Why Is Elizabeth Warren So Hard to Love?
With her populist proposals and fierce criticism of President Donald Trump, Senator Elizabeth Warren has become the new face of the Democratic Party and a favorite for the 2020 presidential race. So why are so many Massachusetts voters souring on her? By Andy Kroll
Research in hand, Warren had no qualms confronting the powerful interests and lawmakers that arrayed against her. As a professor she fought legislation to overhaul the bankruptcy system that she viewed as a giveaway to the credit-card industry. One memorable battle came during a 2005 hearing on bankruptcy-reform legislation when Warren stood up to then-Senator Joe Biden of Delaware, one of the most senior members of Congress. She had recounted one of the many horrifying stories she’d accumulated during her research, of a woman who had borrowed $2,200, paid back all but $100 of it over the next two years, and after all the fees and interest, wound up owing more than she’d borrowed, forcing her to file for bankruptcy. The credit-card industry was plenty screwed up, she said, but at least that woman had a fair bankruptcy system to protect her—a safety net that, in Warren’s view, would vanish under the proposed bill that Biden supported. “Your problem with credit-card companies is usury rates,” Biden protested. “It is not about the bankruptcy bill.”
Warren wouldn’t cave. “But, Senator, if you are not going to fix that problem, you can’t take away the last shred of protection from these families.”
“I got it,” Biden said, relenting. “You are very good, professor.”
Her combination of expertise and plainspoken bluntness led to a gig on the Dr. Phil show, where she served as a personal financial guru of sorts to the show’s guests and its audience of millions. If her first “aha” moment was uncovering the real causes of consumer bankruptcy, her second was discovering the power of a big platform, even if all she did was serve up TV sound bites. “You’ve been doing this work for 20 years now, and it is unlikely that any of it has had as direct an impact as these 45 seconds,” she later told a reporter. “Is it all about writing more academic articles, or is it about making a difference for the families you study?”
For all her successes, she was still an outsider looking in on the policymaking machine in Washington, DC. But Warren’s years-long work on bankruptcy reform—an industry-friendly bill passed, over her objections, in 2005—caught the eye of then–Senate Majority Leader Harry Reid. In 2008, Reid asked her to chair a new watchdog group, the Congressional Oversight Panel, composed of outside experts and current and former lawmakers and created to track the government’s bailout of the nation’s largest banks in the wake of the financial crash. Warren and her four colleagues published reports each month that found, among other things, that the federal government—and, by extension, the American taxpayers—had overpaid by $78 billion when it rescued the too-big-to-fail banks.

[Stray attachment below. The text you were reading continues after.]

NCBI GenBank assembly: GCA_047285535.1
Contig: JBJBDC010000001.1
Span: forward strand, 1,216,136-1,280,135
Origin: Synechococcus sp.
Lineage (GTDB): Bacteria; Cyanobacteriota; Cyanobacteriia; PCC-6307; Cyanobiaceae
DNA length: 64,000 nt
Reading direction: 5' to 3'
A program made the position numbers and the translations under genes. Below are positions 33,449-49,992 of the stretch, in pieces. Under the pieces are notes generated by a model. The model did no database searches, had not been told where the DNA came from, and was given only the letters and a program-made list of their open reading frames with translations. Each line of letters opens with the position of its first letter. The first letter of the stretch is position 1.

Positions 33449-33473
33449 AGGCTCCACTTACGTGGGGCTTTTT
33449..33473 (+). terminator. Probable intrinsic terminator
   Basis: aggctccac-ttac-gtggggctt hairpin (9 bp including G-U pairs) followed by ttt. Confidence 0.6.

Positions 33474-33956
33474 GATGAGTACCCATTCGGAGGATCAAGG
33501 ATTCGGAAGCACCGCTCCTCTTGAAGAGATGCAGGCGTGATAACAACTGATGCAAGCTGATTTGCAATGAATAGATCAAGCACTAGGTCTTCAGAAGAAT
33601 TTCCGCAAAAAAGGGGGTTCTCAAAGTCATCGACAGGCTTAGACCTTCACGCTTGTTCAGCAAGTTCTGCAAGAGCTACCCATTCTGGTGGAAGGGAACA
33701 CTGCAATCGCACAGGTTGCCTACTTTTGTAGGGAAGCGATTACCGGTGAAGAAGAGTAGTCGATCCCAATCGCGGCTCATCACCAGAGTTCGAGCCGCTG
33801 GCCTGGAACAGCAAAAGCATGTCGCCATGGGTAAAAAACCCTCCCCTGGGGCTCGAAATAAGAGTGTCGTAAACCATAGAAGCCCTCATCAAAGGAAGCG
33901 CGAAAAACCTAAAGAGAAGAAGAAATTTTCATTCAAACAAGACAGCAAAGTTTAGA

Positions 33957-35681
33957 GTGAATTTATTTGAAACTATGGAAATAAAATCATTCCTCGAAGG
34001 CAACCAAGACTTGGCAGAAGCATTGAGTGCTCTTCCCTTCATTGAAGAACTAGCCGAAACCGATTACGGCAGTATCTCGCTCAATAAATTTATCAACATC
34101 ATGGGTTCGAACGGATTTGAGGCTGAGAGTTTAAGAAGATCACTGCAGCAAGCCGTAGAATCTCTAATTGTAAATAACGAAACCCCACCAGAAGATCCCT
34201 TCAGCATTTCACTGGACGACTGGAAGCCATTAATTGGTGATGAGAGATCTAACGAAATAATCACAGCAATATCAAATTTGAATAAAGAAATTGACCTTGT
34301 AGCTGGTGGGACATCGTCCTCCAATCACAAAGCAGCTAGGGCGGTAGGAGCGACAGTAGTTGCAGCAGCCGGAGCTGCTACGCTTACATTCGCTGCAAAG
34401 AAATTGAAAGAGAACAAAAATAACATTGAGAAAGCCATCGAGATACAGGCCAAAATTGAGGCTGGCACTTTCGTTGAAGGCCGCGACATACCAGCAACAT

It was around this time that Warren developed a public following as a merciless interrogator of government officials, Republican and Democratic alike. Video clips of her grilling Treasury Secretary Timothy Geithner, an Obama appointee, over such arcane subjects as credit-default swaps quickly racked up hundreds of thousands of views.
With momentum building in her favor, Warren lobbied heavily for any Wall Street reform legislation to include a new agency tasked with protecting consumers. She’d popularized the idea in 2007 when she argued that mortgages and credit cards should be regulated like toasters, and she knew she’d have to fight hard to withstand the pressure of the banking lobby and hostile politicians. “My first choice is a strong consumer agency,” she said in 2010. “My second choice is no agency at all and plenty of blood and teeth left on the floor.” Warren’s efforts paid off: The Dodd-Frank financial reform law enacted later that same year called for the creation of a Consumer Financial Protection Bureau. But in one of the great disappointments of Warren’s career, President Obama snubbed her and appointed Richard Cordray as director of the new agency. One of the more respected and feared figures in Washington was now out of a job.
Elizabeth Warren had to be convinced to run for the Senate. Scott Brown, a truck-driving Republican who’d won a special election in 2010 to fill the seat left vacant after Ted Kennedy died, was slipping in the polls and his fish-out-of-water routine wasn’t playing well with voters at home. Still, Warren had her hesitations. According to people close to her, it took a sustained effort by her friends and allies to show her that, in the hands of the right person, a senator at the bottom of the seniority list could still wield influence. Political consultant Doug Rubin remembers his early conversations with Warren about her campaign. “Most of those initial conversations with candidates are about mechanics: ‘How do I put a campaign together?’ ‘Who should I talk to?’” Rubin says. Warren was different. “She knows who she is. She knows what she wants to say. She’s very clear about it. The only question is: Is what she wants to say translatable into a political campaign?”